One of my favorite things about travel is finding unexpected treasures. And the Romanian Athenaeum in Bucharest is one such treasure. It’s one of the historical landmarks of the city, but being that it’s a concert hall, I assumed that I wouldn’t be seeing the interior unless I went to a show.
When we passed by the Romanian Athenaeum, we admired it from the outside and enjoyed the garden that is adjacent to it. We spotted a sign on printed paper that said “Visitors” and had an arrow pointed to one side. We came to an unassuming side door, which had absolutely no indication that this was a visitor entrance.
But someone inside beckoned us in. We were met by a friendly security guard who was watching the CCTV on an old tube TV. He told us it would be 10 leu to see it (a little over $2). We were pretty sure that this was not any kind of official tour. We later confirmed this when we looked at the Athenaeum website and found that you had to contact the philharmonic to arrange tours. But according to TripAdvisor reviews, this is fairly common. Sometimes it’s the janitor and sometimes it’s the security guard, but there’s always someone willing to show you the inside.
The security guard led us upstairs and into the concert hall, where he said the symphony orchestra would be practicing for the following night’s show. But after he left us, we wandered around on our own inside. We were floored by the interior. The entrance is vast and intricate with large marble staircases all leading up to the performance chamber. It’s the kind of place I’ve only ever seen in movies. Like it might have been used as the interior of the Titanic. The ceilings are impressive and beautifully ornate, and round lamps hang all around. It’s a truly one of the most beautiful structures I’ve ever seen.
But that doesn’t compare to what the inside of the concert hall looks like. The dark circular room was stunning. Red velvet chairs and viewing booths fit for a king line the circular hall. The ceiling is covered in elaborate gold leaf designs and the walls in a large mural that wraps around the hall. Your eye is drawn from every part of the hall to the stage, which probably looks amazing from any seat in the house.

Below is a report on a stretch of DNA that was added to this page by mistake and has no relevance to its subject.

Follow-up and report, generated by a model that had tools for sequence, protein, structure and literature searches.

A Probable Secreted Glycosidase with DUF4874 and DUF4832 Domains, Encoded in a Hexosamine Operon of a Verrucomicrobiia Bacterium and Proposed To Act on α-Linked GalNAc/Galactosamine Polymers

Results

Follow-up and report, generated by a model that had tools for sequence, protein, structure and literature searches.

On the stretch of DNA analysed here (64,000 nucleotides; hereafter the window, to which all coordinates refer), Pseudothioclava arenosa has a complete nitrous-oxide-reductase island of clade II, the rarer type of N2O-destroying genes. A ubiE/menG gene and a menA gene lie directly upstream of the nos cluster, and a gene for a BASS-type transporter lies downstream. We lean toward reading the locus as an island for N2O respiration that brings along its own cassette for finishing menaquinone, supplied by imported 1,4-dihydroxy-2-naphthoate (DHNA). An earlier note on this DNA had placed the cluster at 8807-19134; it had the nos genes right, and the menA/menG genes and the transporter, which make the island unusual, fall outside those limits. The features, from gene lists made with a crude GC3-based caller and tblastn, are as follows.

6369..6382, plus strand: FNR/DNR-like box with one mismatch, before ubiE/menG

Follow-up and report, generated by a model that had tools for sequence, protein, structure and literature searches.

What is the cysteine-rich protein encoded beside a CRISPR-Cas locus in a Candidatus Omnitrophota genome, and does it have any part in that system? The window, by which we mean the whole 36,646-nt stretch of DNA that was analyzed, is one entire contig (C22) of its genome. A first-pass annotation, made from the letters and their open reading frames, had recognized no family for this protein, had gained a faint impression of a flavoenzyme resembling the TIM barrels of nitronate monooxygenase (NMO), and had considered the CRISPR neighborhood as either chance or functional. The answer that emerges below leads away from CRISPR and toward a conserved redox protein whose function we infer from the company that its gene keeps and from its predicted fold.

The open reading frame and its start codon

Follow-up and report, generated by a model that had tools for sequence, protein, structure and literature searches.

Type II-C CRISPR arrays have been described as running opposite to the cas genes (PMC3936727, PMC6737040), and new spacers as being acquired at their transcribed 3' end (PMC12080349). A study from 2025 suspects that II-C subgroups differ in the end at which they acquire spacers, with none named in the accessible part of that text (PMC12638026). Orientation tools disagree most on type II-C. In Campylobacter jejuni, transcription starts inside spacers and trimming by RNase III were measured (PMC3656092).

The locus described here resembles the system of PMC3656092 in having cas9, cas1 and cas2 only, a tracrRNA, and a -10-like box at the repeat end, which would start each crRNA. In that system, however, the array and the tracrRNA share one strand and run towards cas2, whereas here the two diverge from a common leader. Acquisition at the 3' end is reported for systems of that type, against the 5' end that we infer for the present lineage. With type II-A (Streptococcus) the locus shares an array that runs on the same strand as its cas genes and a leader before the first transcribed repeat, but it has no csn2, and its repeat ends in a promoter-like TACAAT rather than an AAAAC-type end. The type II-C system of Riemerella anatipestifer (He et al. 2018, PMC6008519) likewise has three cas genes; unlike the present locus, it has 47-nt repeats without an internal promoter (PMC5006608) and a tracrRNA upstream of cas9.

The members of the orchestra, in plain clothes, were all filing into the chamber with their instruments in tow, each practicing different parts of different songs. Realizing we were definitely the only people in there without instruments, we sat in the back trying not to bring too much attention to ourselves. Just because the security guard gave us access doesn’t mean the musicians would be quite so excited about us intruding on their practice. It was clear this was not a legitimate tour. But one of the musicians did spot us and offered us chocolates, so they’re probably used to it.
Right before the orchestra was set to begin their full rehearsal, the security guard came to get us. Sadly, we couldn’t stay for the practice, though I’m fairly certain we could have bribed our way into staying. I just didn’t want to push our luck, and the language barrier was a little hard to manage.
Regardless, this is definitely the best $2 I’ve ever spent. So if you’re in Bucharest and you don’t have tickets to a concert, I recommend visiting the friendly staff of the Romanian Athenaeum. You might get lucky if you go around mid-morning and the orchestra is practicing. I think I can safely say this is the most beautiful theater I’ve ever had the opportunity to sit in. So it can’t hurt to try to go inside.
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